There is another reason in England. It is the case also in Wales. It is the great development of quangos that has taken place under all governments, but particularly under the present government. Somehow regional government, in whatever form it takes, should take account of that. My advice would be to take English regional government slowly. What form of regional government? Steps are being taken towards regional government. I have no panacea for regional government. But given the local government reform that has taken place, English regional government is something about which we should think and talk after we have dealt with Scotland and Wales.
There is often a tide in the affairs of government, as we were reminded by the noble Lord, Lord Jenkins of Hillhead. In the last century--I picked this point up when reading his book recently--there was a great drive--the tide often went in different directions--to extend the franchise. It took 20, 30 or 40 years to develop, but the tide existed. There is a similar tide at the moment in favour of regional government.
Local authorities are constructing their own forms of representative regional groupings. In Yorkshire, there is Yorkshire and Humberside, and so on. It is taking place. There should be room for experimentation. For many years at the end of the war I sat at the feet of Karl Popper. From him I learnt the importance of
The task is to use the trend towards regional government which is taking place in England to the benefit of the nation. It is not enough to be a latter-day King Canute with regard to regional government. It is happening. We should use it and harness it for democracy. In finishing at that point after a steady five minutes, perhaps I shall be able to slip out and have a cup of tea before the debate finishes.
Lord Hooson: My Lords, I should like to add my thanks and appreciation to the noble and learned Lord, Lord Bingham of Cornhill, for instructing us so clearly on where we stand today in relation to the European Convention on Human Rights. Your Lordships have heard today that the issue of constitutional change is an important one. It is an inevitable one. It has been pushed to the forefront of the political arena at this stage both in your Lordships' House and another place for a purely political reason. It is thought that there is great scope for frightening the electorate that there is a danger of the break-up of the UK in the Labour Party's proposal for devolution, when there is no such danger.
I should like to begin by quoting what for me was the start of the national debate on our constitution. It began in 1976 when the noble and learned Lord, Lord Hailsham--I am sorry that he is not in his place at the moment--delivered the Dimbleby Lecture on "The Elective Dictatorship". Let me quote him in what I believe was an enlightened Conservative view at that time--very different from some of the views that we shall hear today. He came towards his conclusion of that interesting lecture with the words:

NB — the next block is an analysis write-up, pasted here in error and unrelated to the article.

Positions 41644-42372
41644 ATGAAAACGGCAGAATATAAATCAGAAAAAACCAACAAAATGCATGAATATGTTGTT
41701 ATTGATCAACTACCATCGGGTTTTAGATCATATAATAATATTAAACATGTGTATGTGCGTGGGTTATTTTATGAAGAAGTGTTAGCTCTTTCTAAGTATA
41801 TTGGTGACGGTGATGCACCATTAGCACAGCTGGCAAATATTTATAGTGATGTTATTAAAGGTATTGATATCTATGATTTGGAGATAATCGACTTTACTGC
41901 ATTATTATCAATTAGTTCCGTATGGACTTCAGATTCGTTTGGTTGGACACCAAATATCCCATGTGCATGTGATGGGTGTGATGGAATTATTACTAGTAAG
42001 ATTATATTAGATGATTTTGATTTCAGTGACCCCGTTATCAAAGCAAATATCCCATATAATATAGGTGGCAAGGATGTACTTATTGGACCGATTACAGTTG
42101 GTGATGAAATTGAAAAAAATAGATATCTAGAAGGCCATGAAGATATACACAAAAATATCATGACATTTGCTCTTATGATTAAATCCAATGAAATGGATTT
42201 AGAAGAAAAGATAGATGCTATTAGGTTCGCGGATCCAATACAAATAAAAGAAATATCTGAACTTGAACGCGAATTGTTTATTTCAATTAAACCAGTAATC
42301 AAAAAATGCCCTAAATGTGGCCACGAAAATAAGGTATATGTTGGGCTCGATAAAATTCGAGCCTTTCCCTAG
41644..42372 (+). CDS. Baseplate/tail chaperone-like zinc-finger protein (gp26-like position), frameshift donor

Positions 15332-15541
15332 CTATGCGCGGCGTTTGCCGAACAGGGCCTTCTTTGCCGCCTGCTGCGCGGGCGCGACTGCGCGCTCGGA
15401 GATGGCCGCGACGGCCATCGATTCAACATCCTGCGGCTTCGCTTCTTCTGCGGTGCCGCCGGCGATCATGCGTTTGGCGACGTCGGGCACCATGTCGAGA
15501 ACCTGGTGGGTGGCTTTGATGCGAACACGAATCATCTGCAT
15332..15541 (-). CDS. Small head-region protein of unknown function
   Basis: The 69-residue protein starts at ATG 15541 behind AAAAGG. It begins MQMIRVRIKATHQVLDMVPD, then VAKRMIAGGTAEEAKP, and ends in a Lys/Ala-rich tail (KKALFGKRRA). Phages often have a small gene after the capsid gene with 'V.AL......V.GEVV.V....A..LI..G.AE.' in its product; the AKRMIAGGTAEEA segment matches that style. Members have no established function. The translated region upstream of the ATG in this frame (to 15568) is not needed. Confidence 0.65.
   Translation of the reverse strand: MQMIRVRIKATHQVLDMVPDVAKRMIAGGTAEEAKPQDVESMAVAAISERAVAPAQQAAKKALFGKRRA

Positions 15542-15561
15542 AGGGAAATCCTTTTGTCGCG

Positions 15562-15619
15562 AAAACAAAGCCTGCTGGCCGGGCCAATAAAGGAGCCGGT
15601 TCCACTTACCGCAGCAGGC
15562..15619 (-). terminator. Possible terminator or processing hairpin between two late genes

Before I leave that interesting lecture, I should like to quote another part where the noble and learned Lord dealt with the issue of nationalism with which he said he had considerable sympathy. He said:
The noble and learned Lord followed the lecture two years later with a book entitled The Dilemma of Democracy. It behoves noble Lords opposite to refresh their memories of the views that he put forward in those days on the changes to the British constitution that he thought were inevitable as we faced the pressures of modern times.
We in Europe are moving inexorably to a form of a united Europe which will almost certainly eventually result in some kind of federalism, probably a different form from what has been experienced in the world so far, although on federal principles. The real debate is not whether it will happen but when and how it will happen. For example, at the moment in Wales alone 30 per cent. of the employment is provided by inward investment by companies which invest not particularly because it is Wales, and they find it a congenial place, but because it is part of the European Community where power lies.
I was involved with the building of the Severn Bridge. Nearly half the investment for that came from the European Investment Bank. A good deal of the other investment--it is all by way of loans, as a matter of fact--came from other European and international banks.
The founding fathers of Europe envisaged that the development of Europe would push us gradually in the direction of a politically united Europe. We are seeing it happen. The noble Lord, Lord Merlyn-Rees, in his short but effective contribution, said that administrative regional centres in England were already developing. That is important. It started like that in Wales before we got as far as having a Secretary of State. It started much earlier in Scotland. It will inevitably evolve over the next decade. We must remember that the speed of development in communication, science, weaponry for defence, and so on, has made it imperative that we change our modes of thought on this matter equally speedily.